Representation: The committee must draw its members from diverse stakeholders in the ICT sector, including government agencies, civil society, the private sector, research and development, policymakers, etcetera. This creates the possibility of mainstreaming accountability into state policy on access to citizens’ information and combating COVID-19.

Compliance and implementation: The bulk of this committee’s responsibilities would be to comply with extant laws while also implementing others on access to subscribers’ information. Subscriber consent is critical. However, most Nigerians are not immediately available to give such consent given the present circumstances. To mitigate negative effects, it is important to design more inclusive and accessible tools like USSD codes with opt-in and opt-out options that may be used to secure subscriber’s consent. USSD, which means “unstructured supplementary service data,” is an interactive and menu-based technology supported on nearly all mobile phones. Its codes allow users the possibility of accessing confirmation and consultation services through dialing. 

Also, to prepare for the possible fallout from the inability to secure consent from subscribers, the committee must ensure the publication of periodic audits on the use of subscribers’ information in major newspapers online.

Redress: This committee could create diverse mechanisms for seeking redress if and when subscribers feel aggrieved. There should be systems in place to address grievances with respect to data collection, uses and disclosures.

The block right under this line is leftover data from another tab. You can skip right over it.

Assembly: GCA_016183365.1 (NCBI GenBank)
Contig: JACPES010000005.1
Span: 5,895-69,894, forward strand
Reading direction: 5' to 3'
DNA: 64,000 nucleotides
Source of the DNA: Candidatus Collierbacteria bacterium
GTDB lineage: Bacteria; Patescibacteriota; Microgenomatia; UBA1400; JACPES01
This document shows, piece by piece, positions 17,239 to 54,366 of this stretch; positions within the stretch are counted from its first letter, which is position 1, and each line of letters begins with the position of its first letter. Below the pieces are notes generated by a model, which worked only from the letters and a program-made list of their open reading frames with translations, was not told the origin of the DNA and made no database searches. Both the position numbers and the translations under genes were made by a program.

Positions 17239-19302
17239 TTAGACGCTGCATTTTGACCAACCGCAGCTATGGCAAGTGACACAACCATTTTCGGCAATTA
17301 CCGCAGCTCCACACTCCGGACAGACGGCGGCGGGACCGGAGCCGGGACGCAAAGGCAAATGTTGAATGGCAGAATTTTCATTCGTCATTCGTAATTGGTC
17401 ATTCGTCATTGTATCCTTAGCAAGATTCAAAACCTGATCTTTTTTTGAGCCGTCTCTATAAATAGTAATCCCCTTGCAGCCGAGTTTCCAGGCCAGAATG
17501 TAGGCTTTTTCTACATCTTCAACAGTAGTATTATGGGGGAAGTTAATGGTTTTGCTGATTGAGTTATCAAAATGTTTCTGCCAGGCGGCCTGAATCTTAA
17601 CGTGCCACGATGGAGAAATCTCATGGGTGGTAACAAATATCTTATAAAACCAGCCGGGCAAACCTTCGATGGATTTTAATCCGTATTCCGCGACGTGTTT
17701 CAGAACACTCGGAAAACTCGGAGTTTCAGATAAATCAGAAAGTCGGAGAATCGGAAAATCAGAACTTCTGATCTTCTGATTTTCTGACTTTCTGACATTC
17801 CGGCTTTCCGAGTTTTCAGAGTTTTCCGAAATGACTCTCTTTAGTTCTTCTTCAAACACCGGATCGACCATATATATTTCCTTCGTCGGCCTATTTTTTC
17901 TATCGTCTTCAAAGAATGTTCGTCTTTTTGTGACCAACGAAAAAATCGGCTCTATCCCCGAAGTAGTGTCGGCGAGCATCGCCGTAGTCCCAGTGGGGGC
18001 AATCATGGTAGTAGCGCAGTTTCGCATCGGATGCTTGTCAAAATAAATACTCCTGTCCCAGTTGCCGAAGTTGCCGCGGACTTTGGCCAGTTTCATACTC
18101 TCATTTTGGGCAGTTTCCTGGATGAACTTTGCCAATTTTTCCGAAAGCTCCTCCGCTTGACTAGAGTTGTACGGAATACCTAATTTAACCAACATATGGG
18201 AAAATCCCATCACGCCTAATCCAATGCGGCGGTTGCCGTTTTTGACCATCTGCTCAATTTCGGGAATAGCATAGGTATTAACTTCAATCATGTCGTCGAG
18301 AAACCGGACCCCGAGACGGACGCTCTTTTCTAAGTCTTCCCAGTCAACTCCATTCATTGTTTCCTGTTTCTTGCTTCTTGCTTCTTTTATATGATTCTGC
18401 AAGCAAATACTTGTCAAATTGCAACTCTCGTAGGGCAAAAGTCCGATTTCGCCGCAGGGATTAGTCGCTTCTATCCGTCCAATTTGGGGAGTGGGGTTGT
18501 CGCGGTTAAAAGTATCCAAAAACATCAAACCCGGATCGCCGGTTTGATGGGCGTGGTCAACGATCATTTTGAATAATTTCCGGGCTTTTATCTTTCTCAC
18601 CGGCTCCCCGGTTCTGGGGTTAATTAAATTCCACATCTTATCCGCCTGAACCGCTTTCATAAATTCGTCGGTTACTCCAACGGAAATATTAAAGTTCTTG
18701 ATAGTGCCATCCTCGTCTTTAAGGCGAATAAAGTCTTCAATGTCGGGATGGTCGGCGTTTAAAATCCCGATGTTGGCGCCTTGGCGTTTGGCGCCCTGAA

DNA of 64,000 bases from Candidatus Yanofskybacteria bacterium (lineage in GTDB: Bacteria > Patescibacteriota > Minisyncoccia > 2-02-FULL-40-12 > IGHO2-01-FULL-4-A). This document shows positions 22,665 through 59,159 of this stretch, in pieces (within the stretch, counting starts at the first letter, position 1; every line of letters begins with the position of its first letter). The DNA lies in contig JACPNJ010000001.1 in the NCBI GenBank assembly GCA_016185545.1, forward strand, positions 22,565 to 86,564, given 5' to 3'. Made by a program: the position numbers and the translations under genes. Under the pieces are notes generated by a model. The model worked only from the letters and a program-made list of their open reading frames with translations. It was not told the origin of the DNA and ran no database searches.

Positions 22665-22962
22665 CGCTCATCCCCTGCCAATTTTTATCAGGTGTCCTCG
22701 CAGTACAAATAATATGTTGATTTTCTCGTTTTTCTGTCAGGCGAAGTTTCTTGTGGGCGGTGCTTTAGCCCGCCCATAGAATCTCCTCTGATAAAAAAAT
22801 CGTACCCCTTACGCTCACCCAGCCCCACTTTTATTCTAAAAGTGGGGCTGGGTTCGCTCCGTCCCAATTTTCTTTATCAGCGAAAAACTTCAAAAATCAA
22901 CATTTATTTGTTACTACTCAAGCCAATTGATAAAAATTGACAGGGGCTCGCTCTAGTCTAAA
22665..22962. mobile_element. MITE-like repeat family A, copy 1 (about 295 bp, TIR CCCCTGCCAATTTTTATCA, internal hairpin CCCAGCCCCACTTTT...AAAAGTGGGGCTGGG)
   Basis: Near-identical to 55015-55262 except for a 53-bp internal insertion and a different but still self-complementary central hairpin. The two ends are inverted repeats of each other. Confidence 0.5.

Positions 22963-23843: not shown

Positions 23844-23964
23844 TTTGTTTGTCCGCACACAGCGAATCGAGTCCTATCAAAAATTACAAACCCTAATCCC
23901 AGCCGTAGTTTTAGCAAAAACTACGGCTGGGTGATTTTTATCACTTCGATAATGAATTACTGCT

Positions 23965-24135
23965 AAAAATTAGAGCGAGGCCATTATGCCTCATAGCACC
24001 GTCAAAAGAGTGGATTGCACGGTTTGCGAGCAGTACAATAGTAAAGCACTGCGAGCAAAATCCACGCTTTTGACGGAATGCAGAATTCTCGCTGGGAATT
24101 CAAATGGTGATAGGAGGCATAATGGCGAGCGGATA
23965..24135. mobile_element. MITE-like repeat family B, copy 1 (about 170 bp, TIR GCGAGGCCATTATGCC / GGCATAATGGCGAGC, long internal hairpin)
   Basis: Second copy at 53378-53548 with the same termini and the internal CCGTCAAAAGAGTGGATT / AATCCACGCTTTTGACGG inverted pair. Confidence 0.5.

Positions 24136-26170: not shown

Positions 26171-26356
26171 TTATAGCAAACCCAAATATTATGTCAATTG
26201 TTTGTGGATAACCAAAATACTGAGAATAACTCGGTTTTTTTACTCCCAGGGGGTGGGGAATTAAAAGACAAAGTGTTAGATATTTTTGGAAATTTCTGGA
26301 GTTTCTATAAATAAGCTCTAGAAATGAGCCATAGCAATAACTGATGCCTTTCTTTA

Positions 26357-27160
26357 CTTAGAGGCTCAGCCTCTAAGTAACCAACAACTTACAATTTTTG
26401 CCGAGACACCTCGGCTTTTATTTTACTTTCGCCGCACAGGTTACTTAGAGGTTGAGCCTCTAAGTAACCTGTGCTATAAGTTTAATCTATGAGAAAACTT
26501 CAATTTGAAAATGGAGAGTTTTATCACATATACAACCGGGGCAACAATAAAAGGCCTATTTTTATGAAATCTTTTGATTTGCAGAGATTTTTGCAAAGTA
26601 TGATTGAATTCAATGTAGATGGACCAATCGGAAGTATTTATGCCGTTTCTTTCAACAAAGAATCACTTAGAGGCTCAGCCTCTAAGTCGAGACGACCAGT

Proactive disclosures: An important step toward accountability is transparency and to this end, the committee must inform the public on its scope, powers and functions. It must also disclose information about data usage, security measures and available means of redress. The committee can also determine the period of time for which such data will be used.

Combating COVID-19 through all available legal means is urgent. However, such means need not be at the expense of protecting human rights — including the right to privacy. 

Using the central database for COVID-19 related measures requires the best designs to mitigate against the risk of privacy breaches. 

The government’s recent call for data protection legislation seems late but it is still a welcome call in light of the current COVID-19 challenges. This is an opportunity for the Nigerian ICT sector to use a multistakeholder approach to harmonise its various laws toward a more unified front for COVID-19 — and future emergencies. 

While the options suggested above do not foreclose other legally permissible approaches, it shows how human rights protections are not mutually exclusive of public emergencies.